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The Fair Labor Standards Act (often referred to as the “FLSA”) applies to “employees” but does not apply to “independent contractors.”  The FLSA has an expansive definition of who constitutes an employee.  At 29 U.S.C. section 203(e)1), the FLSA defines the term “employee” as “any individual employed by an employer.”  The FLSA, at 29 U.S.C. section 203(g), defines the term “employ” as “to suffer or permit to work.”  The United States Supreme Court in Rutherford Food Corp. v. McComb, 331 U.S. 722 (1947), opaquely explained that the determination of whether a person is an employee, as opposed to an independent contractor, is based on the “underlying economic realities” as exposed by the “circumstances of the whole activity.  Fortunately, later appellate decisions from the United States Court of Appeals for the Eleventh Circuit (i.e., the federal appellate court governing all federal courts in the State of Florida) along with other appellate courts have clarified specific criteria used to decide whether an individual is properly classified as an “employee” or instead as an “independent contractor.”  Peter Mavrick is a Fort Lauderdale employment attorney, who defends businesses and their owners against employment law claims, including claims asserting employment discrimination and retaliation as well as claims for overtime wages and other related claims.  The Mavrick Law Firm represents businesses and their owners in breach of contract litigation and related claims of fraud, non-compete agreement litigation, trade secret litigation, trademark infringement litigation, and other legal disputes in federal and state courts and in arbitration.

The United States Court of Appeals for the Fifth Circuit in Usery v. Pilgrim Equip. Co., 527 F.2d 1308 (5th Cir. 1976),  the controlling factor whether a person is an employee or independent contractor is whether, “as a matter of economic reality,” a worker is “dependent upon the business to which they render service.”   Sometimes businesses have mislabeled employees as independent contractors in employment contracts and visa versa.  The particular label is not dispositive.  Economic reality, rather than any label placed on the relationship by the parties, controls. In this regard, the Supreme Court’s Rutherford Food Corp. decision stated in pertinent part: “[w]here the work done, in its essence, follows the usual path of an employee, putting on an ‘independent contractor’ label does not take the worker from the protection of the [FLSA].”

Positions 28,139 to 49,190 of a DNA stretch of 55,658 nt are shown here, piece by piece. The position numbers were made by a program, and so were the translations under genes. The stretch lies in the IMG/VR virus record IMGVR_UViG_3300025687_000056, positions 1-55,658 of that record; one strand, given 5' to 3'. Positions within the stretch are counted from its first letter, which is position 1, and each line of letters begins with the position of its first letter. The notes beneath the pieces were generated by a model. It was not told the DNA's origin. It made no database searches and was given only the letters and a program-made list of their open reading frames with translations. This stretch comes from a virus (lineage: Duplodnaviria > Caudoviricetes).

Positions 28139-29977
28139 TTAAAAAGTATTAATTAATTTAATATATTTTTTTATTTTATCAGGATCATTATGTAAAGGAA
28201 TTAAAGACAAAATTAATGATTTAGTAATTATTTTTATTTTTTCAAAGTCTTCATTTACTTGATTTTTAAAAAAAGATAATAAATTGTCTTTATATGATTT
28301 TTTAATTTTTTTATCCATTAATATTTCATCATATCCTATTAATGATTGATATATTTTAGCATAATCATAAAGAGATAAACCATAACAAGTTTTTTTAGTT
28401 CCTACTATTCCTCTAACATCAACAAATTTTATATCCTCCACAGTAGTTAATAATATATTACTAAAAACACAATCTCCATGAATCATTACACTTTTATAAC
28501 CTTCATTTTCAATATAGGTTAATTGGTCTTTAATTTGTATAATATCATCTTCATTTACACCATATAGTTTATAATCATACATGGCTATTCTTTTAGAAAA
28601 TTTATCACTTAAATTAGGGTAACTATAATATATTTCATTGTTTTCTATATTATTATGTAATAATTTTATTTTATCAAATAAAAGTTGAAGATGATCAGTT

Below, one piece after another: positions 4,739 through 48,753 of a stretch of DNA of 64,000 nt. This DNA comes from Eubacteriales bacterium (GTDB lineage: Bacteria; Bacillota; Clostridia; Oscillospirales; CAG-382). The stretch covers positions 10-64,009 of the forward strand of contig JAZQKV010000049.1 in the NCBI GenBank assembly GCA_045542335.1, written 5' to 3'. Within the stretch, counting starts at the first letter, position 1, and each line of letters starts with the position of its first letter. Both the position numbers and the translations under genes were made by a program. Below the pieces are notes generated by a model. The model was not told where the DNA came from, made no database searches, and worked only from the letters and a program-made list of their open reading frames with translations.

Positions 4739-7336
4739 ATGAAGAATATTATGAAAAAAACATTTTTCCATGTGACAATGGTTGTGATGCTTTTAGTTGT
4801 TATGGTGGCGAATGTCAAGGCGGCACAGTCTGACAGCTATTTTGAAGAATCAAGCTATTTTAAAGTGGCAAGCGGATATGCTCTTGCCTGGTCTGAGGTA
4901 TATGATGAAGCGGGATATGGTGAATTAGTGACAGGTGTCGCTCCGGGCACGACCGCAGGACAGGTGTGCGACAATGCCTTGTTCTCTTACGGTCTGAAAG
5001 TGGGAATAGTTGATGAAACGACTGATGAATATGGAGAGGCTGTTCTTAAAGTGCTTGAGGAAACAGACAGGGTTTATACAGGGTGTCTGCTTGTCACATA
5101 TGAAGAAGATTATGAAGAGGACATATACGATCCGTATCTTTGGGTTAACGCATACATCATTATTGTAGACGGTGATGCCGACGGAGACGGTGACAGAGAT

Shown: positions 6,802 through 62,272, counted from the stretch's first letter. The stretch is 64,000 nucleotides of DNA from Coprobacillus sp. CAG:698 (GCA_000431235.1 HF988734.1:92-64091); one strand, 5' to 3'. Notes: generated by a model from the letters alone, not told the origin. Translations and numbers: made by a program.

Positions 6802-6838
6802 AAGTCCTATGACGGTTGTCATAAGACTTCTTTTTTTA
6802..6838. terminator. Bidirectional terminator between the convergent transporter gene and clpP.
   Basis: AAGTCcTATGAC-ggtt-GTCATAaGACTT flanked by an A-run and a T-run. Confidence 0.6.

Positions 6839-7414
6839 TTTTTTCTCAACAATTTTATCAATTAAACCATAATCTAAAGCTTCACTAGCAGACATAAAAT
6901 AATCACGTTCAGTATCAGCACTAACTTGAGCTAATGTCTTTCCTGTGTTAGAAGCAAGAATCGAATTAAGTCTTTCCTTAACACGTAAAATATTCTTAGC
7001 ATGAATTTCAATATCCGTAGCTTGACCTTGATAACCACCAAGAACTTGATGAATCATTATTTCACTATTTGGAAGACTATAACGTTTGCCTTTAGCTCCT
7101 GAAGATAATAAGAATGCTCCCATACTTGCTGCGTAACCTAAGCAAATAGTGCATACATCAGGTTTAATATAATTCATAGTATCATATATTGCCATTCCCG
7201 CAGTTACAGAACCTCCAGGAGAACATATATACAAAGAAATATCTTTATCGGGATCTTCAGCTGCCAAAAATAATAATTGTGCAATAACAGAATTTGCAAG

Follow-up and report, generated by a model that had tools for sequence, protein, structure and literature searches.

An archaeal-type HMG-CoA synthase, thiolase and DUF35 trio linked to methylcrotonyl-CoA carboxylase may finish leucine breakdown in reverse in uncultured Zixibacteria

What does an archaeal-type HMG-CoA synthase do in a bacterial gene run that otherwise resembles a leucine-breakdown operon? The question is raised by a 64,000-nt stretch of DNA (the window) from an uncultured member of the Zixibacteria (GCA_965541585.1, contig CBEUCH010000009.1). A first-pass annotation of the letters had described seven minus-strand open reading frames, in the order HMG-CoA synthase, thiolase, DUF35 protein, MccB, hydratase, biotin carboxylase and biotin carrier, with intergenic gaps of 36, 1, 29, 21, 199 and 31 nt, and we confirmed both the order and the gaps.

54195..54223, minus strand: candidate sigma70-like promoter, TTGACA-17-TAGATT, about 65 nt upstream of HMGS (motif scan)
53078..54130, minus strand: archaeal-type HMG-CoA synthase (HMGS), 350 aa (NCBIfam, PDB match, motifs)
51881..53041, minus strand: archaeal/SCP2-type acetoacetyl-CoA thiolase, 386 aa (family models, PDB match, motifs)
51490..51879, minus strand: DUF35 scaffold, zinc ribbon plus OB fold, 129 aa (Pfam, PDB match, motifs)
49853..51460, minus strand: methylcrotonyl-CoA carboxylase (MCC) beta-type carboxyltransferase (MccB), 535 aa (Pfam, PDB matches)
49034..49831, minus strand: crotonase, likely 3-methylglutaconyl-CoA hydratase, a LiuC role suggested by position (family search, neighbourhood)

The United States Department of Labor has issued a regulation, at 29 C.F.R. section 500.20(h)(4) that follows the “economic realities” test and the guiding factors as set forth the by the federal courts to determine employment status under the FLSA.  Precedent from the Eleventh Circuit, in Freund v. Hi-Tech Satellite, Inc., 185 Fed.Appx. 782 (11th Cir. 2006), articulated several factors courts use in a balancing test to decide whether an individual is an independent contractor:

(1) the nature and degree of the alleged employer’s control as to the manner in which the work is to be performed;

(2) the alleged employee’s opportunity for profit or loss depending upon his or her managerial skill;

(3) the alleged employee’s investment in equipment or materials required for his task, or his employment of workers;

(4) whether the service rendered requires a special skill;

(5) the degree of permanency and duration of the working relationship; and

(6) the extent to which the service rendered is an integral part of the alleged employer’s business.

The United States District Court for the Southern District of Florida in Muller v. AM Broadband, LLC, 2008 WL 708321 (S.D. Fla. March 14, 2008), explained that these six factors are a guide, are not exhaustive, and no single factor is dispositive.  The Fifth Circuit’s Usery  cautioned that the analysis of independent contractor status has as its primary focus whether there is economic dependence, and stated in pertinent part that, “[n]o one of these considerations can become the final determinant, nor can the collective answers to all of the inquiries produce a resolution which submerges consideration of the dominant factor—economic dependence.”  For example, a person is more likely to be considered an independent contractor when he decides when to start work and how to perform the work, he can make a profit or loss based on how efficiently he operates, he invests in tools and other materials for his work, he employs subordinates, his service is particularly skilled, and his work is ancillary to the payor’s business (such as, for example, a cleaning crew to a factory).  This type of fact pattern can increase the likelihood of a court finding there is a lack of economic dependence, that the person is operating consistent with owning an independent business, and therefore is not an employee under the FLSA.

Peter Mavrick is a Fort Lauderdale employment lawyer, and represents clients in Miami, Boca Raton, and Palm Beach.  This article does not serve as a substitute for legal advice tailored to a particular situation.

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